Floating along the river you will find riverside settlements, lots of wildlife including bald eagles (during cool months is the best time to spot them), and forests of hardwood trees.
Although the Pearl River shows some sign of water and air pollution caused by the paper mills along the river and water treatment facilities located upstream, the Pearl remains one of the best rivers in the country for a canoe trip because of the water depth, water current, scenery, and campsites among many other factors.
The Pearl is not the greatest place to go fishing, but it is a perfect canoe camping trip destination for those who just want to laze around as the current carries them. The Pearl is a highly recommended canoeing destination for those who are not a big fan of paddling. There are no major rapids or hazards in this river and lots of campsites making for a perfectly laidback canoe camping experience.
Best time to go would be during Spring time and fall. Mid-Summer is also a great time as the great, big water lilies are in bloom, but it can be very hot then.
Most campsites in the Pearl River are excellent primitive campsites. You can find one in just about any bend as well as on large sand bars. There have been issues about the amount of trash that many campers leave behind on the sandbars, we advise you to be responsible for your waste and leave nothing on the sandbars except perhaps your footprints and tent peg holes.
Know the weather and monitor rainfall. The Pearl River dangerously floods during heavy rain so we advise that you avoid going during these times. Check for Pearl River water flow and water levels before your trip.
All campsites are primitive so be ready to rough it up. There are no bathrooms, picnic tables or any other camping facility that you usual find in a civilized campground. Primitive camping requires advanced camping skills as well as gear so be sure that you come prepared. Do learn the dos and don'ts of primitive camping before embarking on this trip for you to have a safe and enjoyable holiday.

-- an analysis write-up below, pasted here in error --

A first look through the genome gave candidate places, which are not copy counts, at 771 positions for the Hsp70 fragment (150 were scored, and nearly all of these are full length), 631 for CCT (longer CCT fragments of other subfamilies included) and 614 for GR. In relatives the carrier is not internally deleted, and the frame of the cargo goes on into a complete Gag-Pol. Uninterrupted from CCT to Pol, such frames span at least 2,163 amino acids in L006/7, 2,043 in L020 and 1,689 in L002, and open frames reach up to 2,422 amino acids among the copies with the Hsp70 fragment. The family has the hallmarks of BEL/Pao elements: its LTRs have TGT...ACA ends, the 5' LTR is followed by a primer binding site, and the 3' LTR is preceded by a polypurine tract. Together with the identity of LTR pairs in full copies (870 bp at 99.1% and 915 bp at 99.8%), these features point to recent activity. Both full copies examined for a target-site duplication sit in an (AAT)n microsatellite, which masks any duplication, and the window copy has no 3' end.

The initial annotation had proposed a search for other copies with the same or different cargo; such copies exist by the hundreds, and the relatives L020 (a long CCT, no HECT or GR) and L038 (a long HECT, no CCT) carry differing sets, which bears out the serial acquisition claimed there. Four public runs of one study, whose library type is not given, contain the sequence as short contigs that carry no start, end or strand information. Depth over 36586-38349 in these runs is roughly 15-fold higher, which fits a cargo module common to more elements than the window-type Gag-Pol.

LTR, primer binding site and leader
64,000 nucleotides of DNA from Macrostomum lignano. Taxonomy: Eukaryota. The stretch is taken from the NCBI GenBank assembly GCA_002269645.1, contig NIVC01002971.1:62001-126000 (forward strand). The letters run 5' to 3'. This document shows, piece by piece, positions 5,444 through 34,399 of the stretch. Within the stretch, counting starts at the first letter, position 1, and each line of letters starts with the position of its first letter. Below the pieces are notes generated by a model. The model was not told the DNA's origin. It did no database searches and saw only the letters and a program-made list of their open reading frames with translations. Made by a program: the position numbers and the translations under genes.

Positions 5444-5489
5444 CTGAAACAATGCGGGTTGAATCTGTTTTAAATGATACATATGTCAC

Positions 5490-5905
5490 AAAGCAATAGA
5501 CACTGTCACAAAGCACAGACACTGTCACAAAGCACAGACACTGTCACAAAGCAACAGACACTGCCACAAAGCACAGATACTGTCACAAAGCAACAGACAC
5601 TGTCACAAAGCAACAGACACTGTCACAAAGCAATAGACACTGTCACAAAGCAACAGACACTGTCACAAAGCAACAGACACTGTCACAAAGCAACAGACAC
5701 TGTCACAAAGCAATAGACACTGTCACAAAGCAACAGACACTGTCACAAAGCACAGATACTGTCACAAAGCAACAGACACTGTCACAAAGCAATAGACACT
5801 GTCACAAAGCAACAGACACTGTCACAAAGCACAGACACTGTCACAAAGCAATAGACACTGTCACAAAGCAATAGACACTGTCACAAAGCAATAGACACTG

South West - Sabine River
The Sabine River runs through the US states of Texas and Louisiana.
Much of its lower reaches flows along the pine forests of the Texas-Louisiana border, the trees in this forest are mostly cypress, and this is where the river got its name; from the Spanish word Sabine, meaning cypress. Its higher reaches flows through Northeast Texas along the prairie country.
If you are looking for a trip with lots of unspoiled country scenery, white sand beaches, amazing campsites and peace and quiet, you will agree with us that Sabine River is one of the best this country has to offer. If you fancy long, easy floats; consider the lower Sabine as it is the easiest.
A float trip in the Sabine River will give you gorgeous views of pine, hardwood and cypress trees heavily laden with Spanish moss (Think: river scene in Huckleberry Finn or Pocahontas) just lined up on the shoreline, clear as day. There are also stretches of swamp lands. It's really breathtaking and beautiful.